STAND: As you’ve noted you’ve released about eighty albums; what’s your routine for this prolific output of work?
I write with no audience in mind, really. I’ve done this for twenty-five years, life of an artist, I suppose. Life is big and unfathomable. It’s a sad, lonely, and wonderful thing to walk around and unravel. And by that I mean: there’s so much to sound the depths of within and without. So the songs keep coming. I’m pretty heavy-handed with my editing … so there are no “fillers.” If you’re a fan of Americana music, I think a listener will like what I do.
STAND: Having been in the music business for at least three decades, what advice would you give to anyone interested in becoming a professional musician?
In my opinion, there have never been so many artists … with so little to say. Songwriters have gotten lazy. Too much “paint-by-numbers” stuff out there these days.
Listen to the past. Both musically and thematically. Know your history. Draw from it. It’s your well. I’d recommend three books: Frederick Buechner’s The Hungering Dark (theology), John Steinbeck’s The Grapes of Wrath (novel), and Howard Zinn’s A History of the American People (history).
STAND: What are your regrets at this stage? Going way back to the album Jugular, I’m wondering how these lyrics line up with your thoughts: “I’ve heard it said at least a thousand times before/‘just keep knocking at the door of opportunity’/I’m the weak one now/and I don’t need your sacred cow/it’s hard to drink the dreams/mingled ashes and the might-have-been.”
That record, Jugular, is twenty-five years old … and those lines all came true.
Professionally, an artist goes in as an artist (unless they’re just a poseur), but soon, if you’re serious, you find out much of the “game” of the business is being led and played by thieves, con-men, and those with tin ears. They might just as well be selling toothpaste. So, professionally, you go in as an artist and realize you aren’t really equipped to play on such a field. For me, it’s all been about betrayals, massive displays of incompetence, the “might-have beens” like the song says. Giving too much trust to those who don’t deserve it is bad energy.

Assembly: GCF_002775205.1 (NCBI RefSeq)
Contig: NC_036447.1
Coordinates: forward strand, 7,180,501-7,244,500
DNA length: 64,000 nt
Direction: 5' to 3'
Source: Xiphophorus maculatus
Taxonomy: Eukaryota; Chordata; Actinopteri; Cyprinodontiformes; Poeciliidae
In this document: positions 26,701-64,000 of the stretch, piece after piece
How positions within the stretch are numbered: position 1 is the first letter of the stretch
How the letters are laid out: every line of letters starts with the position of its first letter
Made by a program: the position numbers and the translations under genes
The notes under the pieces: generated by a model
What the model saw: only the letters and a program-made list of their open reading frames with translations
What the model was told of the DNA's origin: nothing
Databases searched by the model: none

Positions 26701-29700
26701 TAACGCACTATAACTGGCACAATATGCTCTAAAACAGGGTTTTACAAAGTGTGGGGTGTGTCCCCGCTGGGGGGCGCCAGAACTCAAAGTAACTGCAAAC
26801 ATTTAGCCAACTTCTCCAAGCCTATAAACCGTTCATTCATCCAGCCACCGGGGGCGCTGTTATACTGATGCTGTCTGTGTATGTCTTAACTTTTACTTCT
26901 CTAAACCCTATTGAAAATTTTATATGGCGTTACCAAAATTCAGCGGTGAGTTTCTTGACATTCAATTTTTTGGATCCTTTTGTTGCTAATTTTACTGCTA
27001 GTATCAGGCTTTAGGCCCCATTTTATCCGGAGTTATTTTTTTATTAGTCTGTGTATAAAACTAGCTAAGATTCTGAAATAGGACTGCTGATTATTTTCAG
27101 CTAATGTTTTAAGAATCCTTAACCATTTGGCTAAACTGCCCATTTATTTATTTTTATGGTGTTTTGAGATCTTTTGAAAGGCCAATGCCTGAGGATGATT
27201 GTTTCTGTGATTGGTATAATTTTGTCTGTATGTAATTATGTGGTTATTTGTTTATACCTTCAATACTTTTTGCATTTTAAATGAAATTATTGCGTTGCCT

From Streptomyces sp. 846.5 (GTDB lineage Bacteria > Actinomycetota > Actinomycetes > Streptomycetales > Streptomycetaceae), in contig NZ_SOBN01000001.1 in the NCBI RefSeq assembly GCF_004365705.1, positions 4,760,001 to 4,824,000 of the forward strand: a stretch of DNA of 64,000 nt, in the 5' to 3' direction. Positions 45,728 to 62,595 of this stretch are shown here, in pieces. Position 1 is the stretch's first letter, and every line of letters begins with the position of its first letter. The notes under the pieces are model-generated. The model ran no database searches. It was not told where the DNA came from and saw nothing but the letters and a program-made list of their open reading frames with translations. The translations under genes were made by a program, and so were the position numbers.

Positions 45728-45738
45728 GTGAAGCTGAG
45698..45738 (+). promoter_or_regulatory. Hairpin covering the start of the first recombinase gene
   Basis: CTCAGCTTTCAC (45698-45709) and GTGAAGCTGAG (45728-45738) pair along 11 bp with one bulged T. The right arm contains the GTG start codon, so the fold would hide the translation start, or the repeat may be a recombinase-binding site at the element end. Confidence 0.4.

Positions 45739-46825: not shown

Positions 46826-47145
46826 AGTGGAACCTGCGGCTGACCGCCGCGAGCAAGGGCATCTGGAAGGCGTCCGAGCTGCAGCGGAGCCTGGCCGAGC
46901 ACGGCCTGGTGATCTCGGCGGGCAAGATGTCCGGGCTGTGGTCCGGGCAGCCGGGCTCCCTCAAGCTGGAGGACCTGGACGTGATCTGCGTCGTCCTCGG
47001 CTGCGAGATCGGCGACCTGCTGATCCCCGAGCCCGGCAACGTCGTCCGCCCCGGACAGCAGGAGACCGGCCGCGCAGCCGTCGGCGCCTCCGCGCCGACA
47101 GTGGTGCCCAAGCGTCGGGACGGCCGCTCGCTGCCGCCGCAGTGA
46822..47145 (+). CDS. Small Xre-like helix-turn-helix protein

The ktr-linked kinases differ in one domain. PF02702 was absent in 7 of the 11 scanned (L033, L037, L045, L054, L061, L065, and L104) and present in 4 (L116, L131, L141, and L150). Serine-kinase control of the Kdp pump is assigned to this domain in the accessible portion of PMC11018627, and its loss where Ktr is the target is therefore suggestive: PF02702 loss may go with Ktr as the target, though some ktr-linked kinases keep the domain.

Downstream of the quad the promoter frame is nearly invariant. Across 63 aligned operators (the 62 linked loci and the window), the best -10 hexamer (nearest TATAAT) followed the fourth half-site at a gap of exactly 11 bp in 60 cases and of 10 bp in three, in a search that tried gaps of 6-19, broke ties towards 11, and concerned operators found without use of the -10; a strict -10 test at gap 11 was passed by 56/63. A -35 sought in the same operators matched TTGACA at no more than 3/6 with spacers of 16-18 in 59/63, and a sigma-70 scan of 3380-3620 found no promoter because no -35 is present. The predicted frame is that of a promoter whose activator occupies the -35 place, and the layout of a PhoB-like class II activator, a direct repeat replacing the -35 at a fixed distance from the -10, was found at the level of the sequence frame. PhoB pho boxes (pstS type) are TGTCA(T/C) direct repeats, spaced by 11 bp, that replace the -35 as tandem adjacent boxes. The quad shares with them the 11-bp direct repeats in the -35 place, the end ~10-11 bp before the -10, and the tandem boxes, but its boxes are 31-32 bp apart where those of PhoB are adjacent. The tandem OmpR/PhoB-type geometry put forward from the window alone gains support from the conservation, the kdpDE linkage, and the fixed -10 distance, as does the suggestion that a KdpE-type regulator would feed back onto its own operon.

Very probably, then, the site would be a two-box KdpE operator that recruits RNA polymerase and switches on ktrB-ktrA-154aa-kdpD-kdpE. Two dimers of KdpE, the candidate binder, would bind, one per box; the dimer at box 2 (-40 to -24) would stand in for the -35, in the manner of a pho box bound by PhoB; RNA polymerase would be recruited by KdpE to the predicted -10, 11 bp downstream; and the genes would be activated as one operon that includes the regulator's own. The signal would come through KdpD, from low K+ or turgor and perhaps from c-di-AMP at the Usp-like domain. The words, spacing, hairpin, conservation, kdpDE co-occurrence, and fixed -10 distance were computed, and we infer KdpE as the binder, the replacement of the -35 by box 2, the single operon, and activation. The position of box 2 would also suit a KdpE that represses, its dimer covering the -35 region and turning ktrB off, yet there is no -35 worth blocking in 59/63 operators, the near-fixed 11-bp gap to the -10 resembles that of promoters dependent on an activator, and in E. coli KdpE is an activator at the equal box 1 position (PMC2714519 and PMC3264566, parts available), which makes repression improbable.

Leading by example is the loudest sermon you ever preach to your kids. And the loudest example, according to St. Paul, is love.
I’ve been able to write, record, and tour behind seventy-five albums because I distanced myself from the bad energy and started to do it all by myself. I have the greatest fans in the world. They aren’t huge numbers, but they are fans of music that means something, and they are consistent.
STAND: Even as recent as one hundred years ago, most people “made” their own music. What does having a professional class of musicians and a billion-dollar industry built up around them say about us as a culture?
Well, to me it’s says we’re starving for something good, something lasting, something hallowed, something true. But when business enters in?
Well, where there’s a buck to be made whether it’s sports, music, or politics, there’ll be a P. T. Barnum type to suss out and prey upon the gullible.
STAND: You’ve touched on fatherhood and marriage in some of your songs; what’s your ideal of masculinity? How do you strive to reach that ideal? To paraphrase our subtitle “How should men give a damn?”
I think it has to do with re-assessing the small-minded stereotypes we have of masculinity. Mostly, it means learning how to be emotionally available to your wife and kids and stay that way. Leading by example is the loudest sermon you ever preach to your kids. And the loudest example, according to St. Paul, is love.
Scot Martin spoke with Bill Mallonee for STAND.